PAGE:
What is the HeartStar you talk about and why is it so important?
The HeartStar is the way School of Awake refers to our inner guidance. It’s a name we use for the little voice that we all have inside. Our intuitive self… That gut feeling we sometimes ignore. The HeartStar is important because when we ignore or suppress that voice out of fear or pressure from others we are moving away from who we truly are and the things that touch our hearts and matter to us. The book really encourages girls to stay connected to that space — that part of themselves, the truest part — so the choices we make are heart-centered and self-nurturing.
What is conscious breathing and what are its benefits?
In School of Awake we have an activity called Bubble Gum Chill that teaches girls how to breathe in on a count of 5 and exhale for a count of 5 while blowing a bubble with bubble gum. This makes it fun to learn to pay attention to your breaths. Conscious breathing not only calms our nervous systems but it allows us to become present. Being present allows us to make better choices from a space of awareness, not only of ourselves but others as well.
You talk about authentic power – can you explain that a bit more?
When School of Awake refers to authentic power, it’s referring to the power that is not material. Your kindness, your honestly, your gratitude, your courage, your strength of character. These are the elements that make up what the book describes as authentic power.
School of Awake is talking about the power no one can take away from us, which is our inner power, our authentic power. We often forget to tap into this, and the book helps readers remember how strong they are and teaches them to find that power whenever they need to.
What do School of Awake students stand to benefit from being in nature?
Everything. Nature is a great teacher. Nature not only gives us oxygen and sun and good health but nature also shows us that we can be resilient and handle change. By observing nature and seasons I have learned to be more grateful, more adaptable and flexible through transitional times. Nothing in nature stays the same and I think that also applies to our lives as well.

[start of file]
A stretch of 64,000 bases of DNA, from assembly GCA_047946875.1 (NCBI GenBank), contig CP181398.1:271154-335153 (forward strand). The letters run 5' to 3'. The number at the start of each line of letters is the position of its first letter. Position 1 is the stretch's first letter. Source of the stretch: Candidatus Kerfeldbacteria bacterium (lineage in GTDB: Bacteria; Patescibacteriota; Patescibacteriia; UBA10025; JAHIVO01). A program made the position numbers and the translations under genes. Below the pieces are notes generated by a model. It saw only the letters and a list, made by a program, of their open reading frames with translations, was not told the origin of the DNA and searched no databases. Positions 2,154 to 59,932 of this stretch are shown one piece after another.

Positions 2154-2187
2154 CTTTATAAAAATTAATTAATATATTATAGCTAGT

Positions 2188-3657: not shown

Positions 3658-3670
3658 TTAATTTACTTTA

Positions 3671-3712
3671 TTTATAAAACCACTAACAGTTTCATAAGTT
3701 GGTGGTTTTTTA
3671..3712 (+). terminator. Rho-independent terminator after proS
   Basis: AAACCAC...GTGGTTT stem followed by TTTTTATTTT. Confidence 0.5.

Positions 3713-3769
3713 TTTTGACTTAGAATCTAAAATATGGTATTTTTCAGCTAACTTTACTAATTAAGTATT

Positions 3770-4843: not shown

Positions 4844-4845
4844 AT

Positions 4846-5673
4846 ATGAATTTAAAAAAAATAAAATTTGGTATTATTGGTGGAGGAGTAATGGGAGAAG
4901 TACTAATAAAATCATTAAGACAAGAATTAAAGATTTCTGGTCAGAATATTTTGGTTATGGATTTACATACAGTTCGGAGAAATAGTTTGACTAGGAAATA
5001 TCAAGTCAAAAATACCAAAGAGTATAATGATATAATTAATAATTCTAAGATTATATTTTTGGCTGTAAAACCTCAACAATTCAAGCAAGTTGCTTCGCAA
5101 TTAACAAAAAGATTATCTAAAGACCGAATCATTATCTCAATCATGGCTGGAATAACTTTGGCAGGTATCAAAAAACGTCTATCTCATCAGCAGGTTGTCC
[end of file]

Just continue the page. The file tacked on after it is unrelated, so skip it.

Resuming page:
Words are so powerful. What questions do you suggest your readers ask themselves before speaking?
Is it true? Is it kind? Is it uplifting to yourself and others? We are careful of what we eat and put in our bodies and we should be just as mindful of the words we use towards ourselves and towards others.
Bullying is so pervasive – how do you address it?
I only had 1 or 2 bully experiences in school when I was younger. Building confidence allowed me to have a thick skin and not be too effected but I did not have to deal with the pressures of social media. I know bullying is very serious matter these days, and the book treads lightly on this subject. School of Awake deals more with peer pressure and feeling left out. Sometimes girls get mean in groups. We have all had that experience. We tried to provide ways to not allow typical girl drama take over a girl’s life and it’s a fine line, but there is a big difference between not feeling accepted and feeling insecure to actually being physically or verbally assaulted. That level of bullying is something school officials and parents have to sternly address with a zero tolerance policy.